The Morality of Immortality
Exploring the implications of radical life extension
29 Jan, 2013 6:40
“None of you are invited to my 200th birthday party!” I proclaim, somewhat facetiously, to a group of friends in an attempt to open a discussion on one of my favorite topics: radical life extension. My statement is met with an assortment of eye rolling, dismissive (and rather rude) hand gestures and arguments of all shapes and sizes as to why I will not, and indeed, should not live that long.
There is a growing faction within the scientific community that holds the belief that it is entirely possible for people alive today to live for hundreds of years. Raymond Kurzweil, a prolific inventor and ardent futurist with the freshly minted title of Director of Engineering at Google Inc., is one such scientist. He believes that through advances in bio and nanotechnology, the human lifespan could be, for all intents and purposes, indefinite. He argues that there is a “law of accelerating returns” inherent in technological evolution that makes its growth exponential, suggesting that the pace at which our technology improves is itself quickening. Though Kurzweil will be working primarily with language possessing and machine learning artificial intelligence, his influence will no doubt be felt throughout one of the of the biggest and most forward looking firms out there.
The question of scientific viability, however, is not one I expect to fully address here and so we will proceed on the assumption that radical life extension is possible, and indeed, inevitable.
Overpopulation, crushing boredom, greater economic inequality and playing God are the typical challenges to the normative question of indefinite life spans. These arguments are often used by opponents of technological enhancements and therapies that extend life dramatically, including Leon Krass, a professor at the University of Chicago. The policy implications of life extension, such as ensuring proper allocation of scarce resources and keeping people productive for centuries, would no doubt be a defining issue of a future where radical life extension is pervasive. Furthermore, humanity’s new challenge will be feeling around for that fine line between self-improvement and self-destruction.
It would be foolish to suggest that there are no drawbacks to humans living indefinitely; the widening of a socio-economic gap that is already tragically large in many countries is a very real potential ramification of radical life extension as the rich gain access to therapies before the rest of society.
A vision of the future in which a society is divided between a wealthy, immortal elite and everyone else is decidedly dystopian in nature. Nevertheless, one must keep a sense of perspective. Initially, access will be limited to those with means but it is hardly controversial to suggest that in the last century all people have benefitted from improvements in medical technology in absolute terms. Aging, along with the physical and mental deterioration that characterizes it, is undesirable. Potential economic and social difficulties notwithstanding, living longer and healthier lives is a positive and productive premise. Acceptance of the preceding premise leads to the conclusion that the technology that would facilitate radical life extension ought to be pursued.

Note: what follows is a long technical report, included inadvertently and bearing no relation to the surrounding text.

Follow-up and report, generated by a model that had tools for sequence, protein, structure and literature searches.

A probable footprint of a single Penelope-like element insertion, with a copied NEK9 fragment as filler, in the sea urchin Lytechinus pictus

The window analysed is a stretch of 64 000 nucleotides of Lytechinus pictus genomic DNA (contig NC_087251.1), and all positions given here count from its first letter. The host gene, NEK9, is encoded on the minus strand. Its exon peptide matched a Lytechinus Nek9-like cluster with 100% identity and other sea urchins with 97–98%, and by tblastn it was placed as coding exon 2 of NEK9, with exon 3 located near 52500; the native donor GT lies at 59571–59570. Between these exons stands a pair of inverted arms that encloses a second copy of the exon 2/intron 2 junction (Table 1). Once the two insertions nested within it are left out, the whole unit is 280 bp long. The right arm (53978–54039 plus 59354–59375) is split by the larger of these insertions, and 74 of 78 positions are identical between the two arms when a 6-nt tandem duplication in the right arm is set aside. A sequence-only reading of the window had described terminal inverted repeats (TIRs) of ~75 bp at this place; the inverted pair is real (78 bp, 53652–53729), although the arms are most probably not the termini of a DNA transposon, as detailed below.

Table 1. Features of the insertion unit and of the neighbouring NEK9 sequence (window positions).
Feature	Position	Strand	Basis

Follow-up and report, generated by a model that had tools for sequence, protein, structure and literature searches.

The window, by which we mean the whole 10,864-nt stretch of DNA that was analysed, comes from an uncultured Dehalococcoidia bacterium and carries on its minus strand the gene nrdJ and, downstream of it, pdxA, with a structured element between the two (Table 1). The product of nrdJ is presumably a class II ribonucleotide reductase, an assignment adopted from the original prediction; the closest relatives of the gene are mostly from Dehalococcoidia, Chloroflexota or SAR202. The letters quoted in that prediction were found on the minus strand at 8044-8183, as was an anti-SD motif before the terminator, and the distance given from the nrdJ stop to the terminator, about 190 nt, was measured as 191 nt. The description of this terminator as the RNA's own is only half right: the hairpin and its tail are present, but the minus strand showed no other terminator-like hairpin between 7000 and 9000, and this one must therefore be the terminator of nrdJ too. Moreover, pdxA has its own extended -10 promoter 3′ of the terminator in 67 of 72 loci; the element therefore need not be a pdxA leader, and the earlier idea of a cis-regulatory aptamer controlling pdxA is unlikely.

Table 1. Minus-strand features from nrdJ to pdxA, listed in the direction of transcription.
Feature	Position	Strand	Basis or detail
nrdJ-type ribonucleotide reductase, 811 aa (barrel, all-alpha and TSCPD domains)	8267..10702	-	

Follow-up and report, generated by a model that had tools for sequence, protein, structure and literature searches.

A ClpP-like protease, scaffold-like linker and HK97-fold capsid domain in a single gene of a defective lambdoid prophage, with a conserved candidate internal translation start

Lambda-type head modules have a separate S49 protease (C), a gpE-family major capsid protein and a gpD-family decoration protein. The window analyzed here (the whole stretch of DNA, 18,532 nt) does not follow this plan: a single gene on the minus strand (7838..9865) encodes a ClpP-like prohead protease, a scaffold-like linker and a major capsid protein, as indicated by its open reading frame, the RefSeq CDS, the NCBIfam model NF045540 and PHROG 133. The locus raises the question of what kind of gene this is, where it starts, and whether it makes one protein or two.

Dr. Aubrey De Grey, a Cambridge gerontologist with a formidable beard, offers the argument that it would be morally dubious of us not to develop these technologies and deprive future generations of the benefits therein. To have the ability to develop therapies that lead to longer and healthier lives makes it our responsibility to do so. Policy decisions concerning the adoption and implementation of the policies should be left to those generations in which they are most relevant; it is presumptuous of us to make those decisions for them by not developing these therapies. In his view, it is not only desirable but a moral imperative to give future generations the choice and allow them to decide on implementation. Our hesitation in diverting resources to the development of these therapies is actually condemning future generations to a life span that is far shorter than it could be were we to actively pursue life extension technology. Furthermore, we cannot presume to fully understand the social and political landscape of the future and their priorities – they will be best suited to make a choice and we should allow them to do so.
Without going so far as to characterize those opposed to life extension technology as luddites, there is a serious risk of preventing the potential benefits of these technologies from reaching us, or our children, in time. Some people’s fear of what may happen if people live ever longer lives is not a basis for pre-emptive policy decisions.
In a world dominated by dualism – white and black, hot and cold, matter and anti-matter – we are readily willing to accept life and death as an inevitable part of the universe. Yet still, humanity has always been enamored with the concept of immortality. Fortunately, human fascination with the fountain of youth is accompanied by commensurate ingenuity. It is this ingenuity that will allow us both to achieve great strides in life extension and tackle the resulting externalities.
The views expressed in this opinion piece are the author’s own and do not necessarily represent those of The Bull & Bear.